Special Reports Curated collections of articles on special topics in autism.
ILLUSTRATION BY
LAURÈNE BOGLIO

How is autism diagnosed? What explains the rise in autism’s prevalence? How much do genes contribute to the condition? What about the environment?

In this section of Spectrum, dubbed Autism 101, we answer these and other questions about autism. Each article pulls together the latest science to reflect what we know.

Autism 101 is designed to both provide information and highlight knowledge gaps, indicating where data on a subject are absent or contradictory. Like our understanding of autism, this section is evolving, so please check back often.


Featured Articles

A drawing shows the word "autism" formed of loose letters under a magnifying glass.

Autism diagnosis, explained

by  /  5 November 2018

New and improved autism screens and diagnostic tools promise to streamline the long path to an autism diagnosis.

DNA inside of human form

Autism genetics, explained

by  /  27 June 2017

The more scientists dig into DNA, the more intricate its contribution to autism seems to be. Here, we unravel the complex genetics of autism.

Illustration shows a maze of elements: human brain, medicine, chromosome, factory, clouds and lightning bolts

Environmental risk for autism, explained

by  /  5 November 2018

Autism results from an interplay between genetics and the environment, but it has been tough to nail down the environmental factors involved.

Conditions that accompany autism, explained

by  /  25 July 2018

More than half of people on the spectrum have four to five other conditions. Which conditions, and how and when they appear, varies from one autistic person to the next.

Autism rates in the United States explained

by  /  2 March 2017

The bulk of the increase in autism prevalence stems from a growing awareness of the condition and changes to the diagnostic criteria.

An illustration shows colored blocks with a child's hand and an adult's hand moving them.

Early interventions, explained

by  /  4 October 2018

The accepted wisdom in autism research holds that early intervention offers the best promise for an autistic child’s well-being. But how effective are these therapies?

Illustration of research mice forming the letter "X".

Fragile X syndrome’s link to autism, explained

by  /  10 October 2018

Fragile X syndrome is a leading genetic cause of autism. People who have either condition often share certain traits, such as difficulties in social situations.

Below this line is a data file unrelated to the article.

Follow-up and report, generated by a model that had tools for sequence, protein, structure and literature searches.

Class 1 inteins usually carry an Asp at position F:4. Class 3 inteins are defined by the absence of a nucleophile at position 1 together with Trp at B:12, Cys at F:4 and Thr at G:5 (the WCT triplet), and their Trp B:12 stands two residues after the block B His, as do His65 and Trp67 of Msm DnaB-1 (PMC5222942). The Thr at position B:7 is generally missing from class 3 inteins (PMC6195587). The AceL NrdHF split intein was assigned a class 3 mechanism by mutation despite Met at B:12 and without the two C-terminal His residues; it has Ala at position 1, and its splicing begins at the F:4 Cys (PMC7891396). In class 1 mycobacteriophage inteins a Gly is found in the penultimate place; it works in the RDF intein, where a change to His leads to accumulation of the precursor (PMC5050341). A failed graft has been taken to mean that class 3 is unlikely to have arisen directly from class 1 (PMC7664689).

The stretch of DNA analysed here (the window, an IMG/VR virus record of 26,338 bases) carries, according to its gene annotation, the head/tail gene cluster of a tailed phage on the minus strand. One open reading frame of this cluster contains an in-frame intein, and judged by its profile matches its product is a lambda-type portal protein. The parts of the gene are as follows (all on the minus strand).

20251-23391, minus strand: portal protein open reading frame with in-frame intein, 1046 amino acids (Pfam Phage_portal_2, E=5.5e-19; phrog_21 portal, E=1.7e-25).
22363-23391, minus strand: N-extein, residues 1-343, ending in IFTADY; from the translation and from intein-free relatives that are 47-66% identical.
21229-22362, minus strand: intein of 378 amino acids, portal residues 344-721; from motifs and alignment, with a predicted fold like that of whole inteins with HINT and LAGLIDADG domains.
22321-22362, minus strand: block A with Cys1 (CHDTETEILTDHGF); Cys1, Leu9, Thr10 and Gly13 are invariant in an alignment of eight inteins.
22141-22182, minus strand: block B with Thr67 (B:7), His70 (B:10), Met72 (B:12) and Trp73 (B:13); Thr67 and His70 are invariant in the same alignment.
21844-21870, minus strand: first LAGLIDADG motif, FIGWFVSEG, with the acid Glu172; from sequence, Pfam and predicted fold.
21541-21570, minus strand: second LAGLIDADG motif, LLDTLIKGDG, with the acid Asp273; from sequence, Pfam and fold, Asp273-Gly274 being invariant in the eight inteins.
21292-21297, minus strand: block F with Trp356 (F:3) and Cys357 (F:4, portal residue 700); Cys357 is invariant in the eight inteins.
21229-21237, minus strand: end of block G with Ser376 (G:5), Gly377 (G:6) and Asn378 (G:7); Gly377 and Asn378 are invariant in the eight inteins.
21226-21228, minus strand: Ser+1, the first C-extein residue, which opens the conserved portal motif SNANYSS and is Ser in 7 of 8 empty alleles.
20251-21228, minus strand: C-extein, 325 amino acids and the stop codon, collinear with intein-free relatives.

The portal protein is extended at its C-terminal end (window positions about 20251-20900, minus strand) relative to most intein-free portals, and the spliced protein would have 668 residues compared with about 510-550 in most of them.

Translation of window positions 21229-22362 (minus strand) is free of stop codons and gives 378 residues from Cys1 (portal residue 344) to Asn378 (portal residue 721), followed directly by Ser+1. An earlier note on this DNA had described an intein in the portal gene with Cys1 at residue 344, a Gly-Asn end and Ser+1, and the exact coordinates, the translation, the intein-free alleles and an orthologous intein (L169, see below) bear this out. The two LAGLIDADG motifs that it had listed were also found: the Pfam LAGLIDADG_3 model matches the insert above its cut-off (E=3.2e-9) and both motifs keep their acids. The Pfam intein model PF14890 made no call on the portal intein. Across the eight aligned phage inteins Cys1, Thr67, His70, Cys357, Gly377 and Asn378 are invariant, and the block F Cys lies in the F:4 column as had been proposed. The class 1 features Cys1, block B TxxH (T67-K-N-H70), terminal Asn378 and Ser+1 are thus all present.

silhouette of head with illustrated text

Social communication in autism, explained

by  /  19 April 2018

Communication problems have always been considered a core feature of autism. Yet there are substantial and wide-ranging differences in how people with autism communicate.

The link between antidepressants and autism, explained

by  /  6 September 2018

Taking antidepressants during pregnancy is unlikely to raise the risk of having a child with autism.

child with someone sleeping in cloud-like brain

Sleep problems in autism, explained

by  /  13 November 2017

Many people with autism have difficulty falling and staying asleep, but there may be ways to help them.

Female head shape cut out of pink paper, under magnifying glass. Male head is in blue, opposite the female.

Autism’s sex ratio, explained

by  /  13 June 2018

More boys than girls have autism; diagnostic biases and genetic factors may explain the skewed sex ratio.

stork flying with an alarm clock, dice and a crescent moon

The link between parental age and autism, explained

by  /  29 November 2017

Older men and women are more likely than young ones to have a child with autism, but this connection is not straightforward.

People standing with shapes around them

The evolution of ‘autism’ as a diagnosis, explained

by  /  9 May 2018

From a form of childhood schizophrenia to a spectrum of conditions, the characterization of autism in diagnostic manuals has a complicated history.

Hands on background of microarray and other genetic information

Genetic testing for autism, explained

by  /  10 April 2019

No genetic test can say whether a person has autism, but it may point to a cause for the condition or for any related complications.

The signaling imbalance theory of autism, explained

by  /  1 May 2019

The signaling imbalance theory holds that the brains of autistic people are hyper-excitable because of either excess neuronal activity or weak brakes on that activity.

A DNA helix showing common and rare variants

The multiple hits theory of autism, explained

by  /  1 May 2019

Researchers are studying how a combination of genetic ‘hits’ may contribute to autism’s diversity.

overlapping network of connections in the brain

The connectivity theory of autism, explained

by  /  1 May 2019

A growing body of evidence suggests that autism involves atypical communication between brain regions, but how and where in the brain this plays out is unclear.

The female protective effect, explained

by  /  1 May 2019

One of the leading theories of autism posits that girls and women are biologically protected from the condition.

Illustration of a strong man holding up a oversized brain

The extreme male brain, explained

by  /  1 May 2019

The ‘extreme male brain’ theory suggests that autism is an exaggeration of systematic sex differences in ways of thinking.

Illustration shows the world is distorted through a point of view pair of glasses

The predictive coding theory of autism, explained

by  /  1 May 2019

In autism, a person’s brain may not form accurate predictions of imminent experiences, or even if it does, sensory input may override those predictions.

Illustration of red figures on a big blue brain are serotonin signaling

Serotonin’s link to autism, explained

by  /  1 May 2019

Serotonin, the brain chemical best known for its link to depression, may also be involved in autism.